The three blasts went off at a main square in a government-controlled district of the city, while a fourth explosion detonated a few hundred meters (yards) away near the Chamber of Commerce, the official said.
Aleppo, Syria's commercial hub and largest city, has seen intensified fighting between regime forces and rebels trying to oust President Bashar Assad, especially after the fighters launched a new offensive last week. But it has not been the target of frequent suicide attacks, and Wednesday's stunning wave of explosions caused panic and fear among residents.
Syrian TV said the triple bombings targeted Saadallah al-Jabri square, describing them as the work of "terrorists," and said there were "multiple" casualties. Authorities refer to rebels fighting to topple Assad as terrorists and armed gangs.The TV did not provide further details but another state-run channel, Ikhbariya, showed footage of massive damage around the square, which also houses a famous hotel. One building appeared leveled to the ground. The facade on other buildings was heavily damaged.
It showed footage of several bodies, including one being pulled from the rubble of a collapsed building.
"It was like a series of earthquakes," said a shaken resident who declined to be identified for fear of reprisals. "It was terrifying, terrifying." He said the officers' club and the hotel were almost completely destroyed. His account could not be immediately verified, although the TV footage showed at least one building reduced to rubble.
The government official, who spoke to The Associated Press on condition of anonymity in line with government regulations, said at least 27 people were confirmed dead.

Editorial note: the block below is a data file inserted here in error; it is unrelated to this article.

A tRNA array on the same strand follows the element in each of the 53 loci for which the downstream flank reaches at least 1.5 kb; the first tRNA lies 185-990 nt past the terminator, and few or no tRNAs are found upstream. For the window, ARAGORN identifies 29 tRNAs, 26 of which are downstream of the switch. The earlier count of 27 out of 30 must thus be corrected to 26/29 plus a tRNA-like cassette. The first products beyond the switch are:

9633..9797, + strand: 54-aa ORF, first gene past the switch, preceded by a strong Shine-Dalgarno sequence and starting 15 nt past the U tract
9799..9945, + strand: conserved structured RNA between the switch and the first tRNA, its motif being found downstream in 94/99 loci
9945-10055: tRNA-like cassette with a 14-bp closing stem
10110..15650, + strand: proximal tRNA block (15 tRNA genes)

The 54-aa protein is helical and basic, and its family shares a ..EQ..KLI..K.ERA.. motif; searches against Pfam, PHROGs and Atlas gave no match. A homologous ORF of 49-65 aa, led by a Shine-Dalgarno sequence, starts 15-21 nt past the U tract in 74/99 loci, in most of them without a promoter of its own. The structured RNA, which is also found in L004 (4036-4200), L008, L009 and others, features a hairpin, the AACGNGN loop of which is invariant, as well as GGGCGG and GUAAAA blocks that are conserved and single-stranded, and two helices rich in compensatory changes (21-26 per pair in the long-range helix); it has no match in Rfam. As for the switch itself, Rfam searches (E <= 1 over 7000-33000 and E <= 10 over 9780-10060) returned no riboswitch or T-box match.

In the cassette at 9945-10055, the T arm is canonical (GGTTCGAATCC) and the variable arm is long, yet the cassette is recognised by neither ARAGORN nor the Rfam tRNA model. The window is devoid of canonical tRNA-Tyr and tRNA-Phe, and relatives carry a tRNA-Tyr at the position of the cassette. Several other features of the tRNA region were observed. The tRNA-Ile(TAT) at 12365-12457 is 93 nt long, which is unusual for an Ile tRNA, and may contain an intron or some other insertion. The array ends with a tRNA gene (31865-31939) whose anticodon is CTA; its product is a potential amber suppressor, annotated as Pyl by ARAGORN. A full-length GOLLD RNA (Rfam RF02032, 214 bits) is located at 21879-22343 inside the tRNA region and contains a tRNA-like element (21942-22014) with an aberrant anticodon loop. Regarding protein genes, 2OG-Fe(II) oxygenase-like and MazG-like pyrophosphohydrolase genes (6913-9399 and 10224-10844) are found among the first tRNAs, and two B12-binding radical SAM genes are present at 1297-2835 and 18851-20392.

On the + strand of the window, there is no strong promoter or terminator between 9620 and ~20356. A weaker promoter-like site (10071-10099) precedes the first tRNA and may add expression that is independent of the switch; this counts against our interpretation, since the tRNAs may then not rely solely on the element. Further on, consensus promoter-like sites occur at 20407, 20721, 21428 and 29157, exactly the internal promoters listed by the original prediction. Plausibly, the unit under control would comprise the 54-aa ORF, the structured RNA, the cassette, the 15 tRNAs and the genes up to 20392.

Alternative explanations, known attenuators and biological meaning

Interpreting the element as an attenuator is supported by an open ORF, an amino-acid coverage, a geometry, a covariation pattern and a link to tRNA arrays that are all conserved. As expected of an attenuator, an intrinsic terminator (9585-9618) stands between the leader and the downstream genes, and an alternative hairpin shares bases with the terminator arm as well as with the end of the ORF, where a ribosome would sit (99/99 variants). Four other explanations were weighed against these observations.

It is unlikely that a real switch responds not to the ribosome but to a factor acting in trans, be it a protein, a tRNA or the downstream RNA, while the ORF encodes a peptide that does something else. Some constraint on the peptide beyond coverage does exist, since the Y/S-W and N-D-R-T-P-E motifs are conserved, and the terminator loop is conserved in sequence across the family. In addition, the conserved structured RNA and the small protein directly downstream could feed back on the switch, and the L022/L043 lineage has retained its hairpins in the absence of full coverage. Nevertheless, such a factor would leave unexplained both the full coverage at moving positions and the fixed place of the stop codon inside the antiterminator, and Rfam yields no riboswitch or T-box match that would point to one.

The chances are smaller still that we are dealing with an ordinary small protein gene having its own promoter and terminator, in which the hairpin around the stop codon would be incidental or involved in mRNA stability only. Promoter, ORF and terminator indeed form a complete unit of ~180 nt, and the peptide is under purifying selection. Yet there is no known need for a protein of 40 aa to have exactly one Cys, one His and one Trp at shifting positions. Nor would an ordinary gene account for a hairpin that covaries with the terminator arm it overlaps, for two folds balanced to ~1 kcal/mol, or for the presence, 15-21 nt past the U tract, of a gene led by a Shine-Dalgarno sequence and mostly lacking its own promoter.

Scores of others were wounded in the explosions, he added, with many of them in serious condition.
Aleppo-based activist Mohammad Saeed said the explosions went off minutes apart at the Saadallah al-Jabri square. He said the blasts appear to have been caused by car bombs and were followed by clashes and heavy gunfire.
"The area is heavily fortified by security and the presence of shabiha," he said, referring to pro-regime gunmen. "It makes you wonder how car bombs could reach there," he added.
The Britain-based Syrian Observatory for Human Rights, which relies on a network of activists on the ground, reported dozens of casualties from the blasts, most of them members of the regime forces.
In a statement, it said the explosions went off following a clash between guards at the officer's club and gunmen, suggesting the attacks may have been suicide bombings.
A forth car bomb, the observatory said, went off in the Bab Jenin area near the Chamber of Commerce, causing more casualties.
During the course of the 18-month-uprising against Assad, suicide and car bombings targeting security agencies and soldiers have become common in Syria, particularly in the capital, Damascus.
But Aleppo has been spared from such lasts bombings and from the mayhem that struck other Syrian cities, particularly in the first year of the revolt. Then, in February, two suicide car bombers hit security compounds in Aleppo's industrial center, killing 28 people.
The uprising against Assad erupted in March 2011 ago and gradually morphed into a bloody civil war. The conflict has killed more than 30,000 people, activists say, and has devastated entire neighborhoods in Syria's main cities, including Aleppo.